We’ve spoken to all sorts of professionals over the years and the one thing they all tell us is how important work experience was for their career. So here are 6 work experience tips from the experts.
1. View every opportunity as a chance to learn
Many of the young professionals who gave us their work experience tips advised seizing any and all opportunities you can.
Fashion entrepreneur Cat said: “Never turn your nose up at a work experience opportunity - even if it’s just in your local fashion
shop or in the offices of a local fashion related company, or if it’s unpaid. Get a feel for the collections, the fabrics, the styles, ask questions, make the right impressions, meet other people within that organisation that might help you in our ambitions, and see if it’s possible to get experience across departments.”
“No one has a direct path to success,” agrees YouTube entrepreneur Jennifer. “There will always be something that diverts your plans or changes your ambition. My advice is to take every chance you can learn something from. For example, I had work experience in national security policy in Washington D.C., waitressed at events, applied for essay competitions, fostered dogs and volunteered in refugee camps. It gave me the chance to meet some smart and supportive mentors and learn from everyone! Put yourself out there when opportunities present themselves.”
2. Look for universities that offer placements
Opportunities to gain work experience shouldn’t end when you finish school or college. So if you’re planning on going to uni, when you’re researching universities, have a look to see if they offer work experience.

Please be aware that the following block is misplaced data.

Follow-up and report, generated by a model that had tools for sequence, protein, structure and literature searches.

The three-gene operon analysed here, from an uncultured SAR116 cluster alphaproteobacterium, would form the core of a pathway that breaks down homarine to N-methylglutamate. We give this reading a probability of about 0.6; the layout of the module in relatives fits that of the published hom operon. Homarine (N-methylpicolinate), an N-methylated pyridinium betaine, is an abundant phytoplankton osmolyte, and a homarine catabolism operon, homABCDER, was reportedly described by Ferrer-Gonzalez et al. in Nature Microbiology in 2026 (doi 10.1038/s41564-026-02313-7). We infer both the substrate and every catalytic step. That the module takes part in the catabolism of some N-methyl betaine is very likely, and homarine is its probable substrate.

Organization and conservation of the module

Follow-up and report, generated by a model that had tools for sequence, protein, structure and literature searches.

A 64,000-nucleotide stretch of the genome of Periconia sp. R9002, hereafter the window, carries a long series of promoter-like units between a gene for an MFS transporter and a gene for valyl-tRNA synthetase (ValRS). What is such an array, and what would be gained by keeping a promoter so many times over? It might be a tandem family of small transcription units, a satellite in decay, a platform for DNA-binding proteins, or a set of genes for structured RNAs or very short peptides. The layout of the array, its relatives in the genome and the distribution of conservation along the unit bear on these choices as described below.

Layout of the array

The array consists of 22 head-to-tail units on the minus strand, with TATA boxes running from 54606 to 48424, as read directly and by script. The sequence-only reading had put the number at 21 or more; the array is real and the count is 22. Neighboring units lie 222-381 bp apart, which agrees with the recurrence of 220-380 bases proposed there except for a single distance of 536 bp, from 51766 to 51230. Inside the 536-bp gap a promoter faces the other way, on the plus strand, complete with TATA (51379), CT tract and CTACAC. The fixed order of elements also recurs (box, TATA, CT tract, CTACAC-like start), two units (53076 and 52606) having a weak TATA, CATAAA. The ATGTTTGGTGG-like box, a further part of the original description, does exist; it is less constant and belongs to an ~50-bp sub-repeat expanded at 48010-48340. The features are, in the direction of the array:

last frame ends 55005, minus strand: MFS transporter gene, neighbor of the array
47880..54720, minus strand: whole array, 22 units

UX designer Sheena’s work placement advice is: “When I was applying for jobs, the feedback I got given was that I did not have enough experience. But how do you gain experience if no one will give you a job? It’s a common issue for recent graduates who are yet to land their first job, and I think work experience is key. A lot of design agencies will offer work experience. Look out for internships during school summers and university summers or even consider picking a sandwich course that offers a year in industry.”
She added: “I wish I was aware of how valuable any relevant work experience is. I think the whole job application process would have been so much easier having been exposed to the industry.”
Product designer Barry agrees: “You might be able to find a qualification or a degree course that offers a placement or opportunity to work alongside a company, but failing that you should look to undertake independent work experience in the summers between your studies.”
3. Get a placement in a different role to the one you want to pursue
Work experience gives you a glimpse into what a particular career is like. But there are plenty of other benefits – from gaining
transferable skills to seeing what an office environment is like. So even if you’ve already decided what career you’d like to pursue, widen your horizons by applying for work experience in different professions, or even different Career Zones altogether.
Primary school teacher Kirsty’s work placement advice was: “Do work experience in a range of different schools, as each is very different and will have a different feel. Also talk to a range of teachers to find how their work varies and how they manage their workload; everyone works differently.”